I'm interested in any part of present Europe, let's say before the fall of Constantinople (1453 AD). Also, if you can show me a drawing or a picture (if these buildings are still there), I would appreciate it.

Also, I would like to know what the average number of floors of such buildings in major cities was (Bruges, London, Paris, Prague).

  • Out of wood in middle ages Japan and China had impressively huge and tall buildings, sadly I have no valuable data on Europe. Commented May 12, 2014 at 8:45
  • This doesn't fit into your time frame, but the largest timber-framed religious buildings in Europe might be of interest -- they are the Churches of Peace in Jawor and Świdnica, built in the 17th century: whc.unesco.org/pg.cfm?cid=31&id_site=1054
    – litlnemo
    Commented May 12, 2014 at 9:02
  • @litlnemo beautiful church, deserves to be visited. Where I grew, there is a timbered church too, but not so big as far I know. Commented May 12, 2014 at 20:05
  • Also doesn't fit the time-frame, but the tallest non-modern timber building in the world is currently Kizhi Pogost, at 37.5 meters. en.wikipedia.org/wiki/Kizhi_Pogost
    – Comintern
    Commented May 13, 2014 at 0:00

2 Answers 2


While it is possible for a wooden building to exceed 200 feet (approx. 61 metres) in height (see, for example, Pagoda of Fogong Temple from 1056) there is nothing approaching this height from medieval Europe still standing. 5 or 6 floors seems to have been the limit, with two to four-storey buildings common depending on the city and the century.

Highest / Biggest

Many of the tallest medieval half-timbered houses still standing are found in Germany and France. In some cases, though, only the foundations or ground floor date from medieval times - these have been excluded from the images below.

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Webergasse 8b, Esslingen am Neckar (1266-67). According to this article, "the entire core construction is still preserved, that is, the beams made of oak wood are around 750 years old." Image source.

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Nos. 11 & 13 rue Francois Miron are believed to be the oldest houses in Paris. "Sources indicate that they could have been built as early as the 14th century." The frame type suggests they were built before the 1450s as this style had gone out of use by then. Image source.

enter image description here

Hafenmarkt 4-10, Esslingen am Neckar. Dendrochronology shows that this building dates from between 1328 and 1331. Image source.

Based on the evidence of structures built before 1453 which are still standing, 5 floors (6 if one includes attic rooms) was the limit for half-timber buildings. If we assume an average of around 10 feet per floor (including construction between floors), this gives us a total height of up to 50 feet, though some upper floors were usually less.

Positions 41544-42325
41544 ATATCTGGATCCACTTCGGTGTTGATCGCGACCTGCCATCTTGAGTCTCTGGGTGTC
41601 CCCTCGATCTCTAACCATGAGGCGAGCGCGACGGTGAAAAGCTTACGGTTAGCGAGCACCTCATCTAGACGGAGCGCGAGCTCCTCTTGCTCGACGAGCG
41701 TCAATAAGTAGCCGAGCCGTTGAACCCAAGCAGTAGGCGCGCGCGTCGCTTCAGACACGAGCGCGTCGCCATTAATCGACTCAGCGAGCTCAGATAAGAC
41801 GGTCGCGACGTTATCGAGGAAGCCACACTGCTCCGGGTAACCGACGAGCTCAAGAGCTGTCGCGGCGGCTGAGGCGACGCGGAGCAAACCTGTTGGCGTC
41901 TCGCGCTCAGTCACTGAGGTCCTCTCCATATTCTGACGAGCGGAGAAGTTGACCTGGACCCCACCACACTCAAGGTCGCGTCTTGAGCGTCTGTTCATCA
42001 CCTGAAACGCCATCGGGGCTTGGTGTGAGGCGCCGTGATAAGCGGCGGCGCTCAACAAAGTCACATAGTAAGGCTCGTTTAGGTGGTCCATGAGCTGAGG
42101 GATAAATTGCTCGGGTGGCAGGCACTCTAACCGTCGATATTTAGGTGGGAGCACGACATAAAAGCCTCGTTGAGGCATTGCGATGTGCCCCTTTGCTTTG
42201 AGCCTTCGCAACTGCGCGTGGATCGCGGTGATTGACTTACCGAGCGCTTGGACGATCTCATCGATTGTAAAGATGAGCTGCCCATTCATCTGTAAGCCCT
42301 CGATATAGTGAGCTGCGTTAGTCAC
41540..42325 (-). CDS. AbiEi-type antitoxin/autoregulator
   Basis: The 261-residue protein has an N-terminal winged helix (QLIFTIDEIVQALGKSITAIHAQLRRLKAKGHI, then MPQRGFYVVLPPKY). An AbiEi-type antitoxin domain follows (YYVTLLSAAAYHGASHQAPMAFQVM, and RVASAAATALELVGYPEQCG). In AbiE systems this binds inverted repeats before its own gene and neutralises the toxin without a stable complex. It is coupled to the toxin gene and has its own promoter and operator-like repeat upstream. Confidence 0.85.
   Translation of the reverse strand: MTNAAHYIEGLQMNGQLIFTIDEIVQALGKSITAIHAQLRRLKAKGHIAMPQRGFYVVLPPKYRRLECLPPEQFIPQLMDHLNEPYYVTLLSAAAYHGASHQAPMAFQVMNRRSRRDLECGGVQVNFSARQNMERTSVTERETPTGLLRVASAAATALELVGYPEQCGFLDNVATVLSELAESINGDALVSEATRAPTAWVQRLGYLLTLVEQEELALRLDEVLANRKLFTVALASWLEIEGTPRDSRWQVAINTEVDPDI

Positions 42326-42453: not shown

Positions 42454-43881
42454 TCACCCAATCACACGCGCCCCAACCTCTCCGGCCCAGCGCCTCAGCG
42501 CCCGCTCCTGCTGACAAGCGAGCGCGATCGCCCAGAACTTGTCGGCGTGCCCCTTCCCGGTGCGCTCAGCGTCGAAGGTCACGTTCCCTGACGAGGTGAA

Finally, the Maison d'Adam in Angers (France), built shortly after 1491, falls a little outside your time-frame but it is 15th century and impressive enough to merit a mention (and a picture):

enter image description here

Image source.

Average number of floors

This is difficult to answer as it depended on where, when and how wealthy. However, the chronicler Matthew Paris notes that, on a visit to Paris in 1254, King Henry III of England

was much struck with `the elegance of the houses which were made of plaster, and were threechambered and even of four or more stories (stationum)'

Cited in L. F. Salzman, Building in England Down to 1540

the king 'was struck' because in London at that time, town houses were usually only two storeys. However,

by the late thirteenth century there were houses in Cheapside of three storeys plus a garret.

Source: D. M. Palliser (ed), The Cambridge Urban History of Britain: volume I, 600-1540

Also, in London, in

About 1300 it was thought that houses in the city commonly had two or three storeys over a cellar and were divided into several units of occupation.

Source: D. M. Palliser (ed)

  • No discussion of large wooden building scan be complete without a reference to the Chateau Montebello near Papineauville Quebec. Commented Mar 4, 2019 at 17:13

Timber framed buildings cannot go above three floors (about 50 feet) because beyond that they cannot hold up their own weight. Often buildings would be constructed with the first or second floor made of masonry and then wooden floors above. The "average" number of floors in the middle of a city during the Renaissance would be two. Here is Dürer's "St. Anthony in the City" (1513) showing the typical Renaissance/Tudor view of a metropolis.

St. Anthony in the City (1513)

  • 2
    50 feet = 15 meters right ? that means each floor is around 5 meters? sound really big... even if I consider the roof as a fourth floor, it's still sound big for me... Commented May 12, 2014 at 20:32
  • 10
    This answer is wrong. Three storey timber framed buildings are a result of modern building regulations. The Tō-ji in Japan is 54.8 m, about 4 times higher than the answers quoted 50 feet. If wood wasn't able to support its weight past 50 feet large sailing ships couldn't have been built because they woud have collapsed in the building yard. Commented Sep 21, 2017 at 4:22

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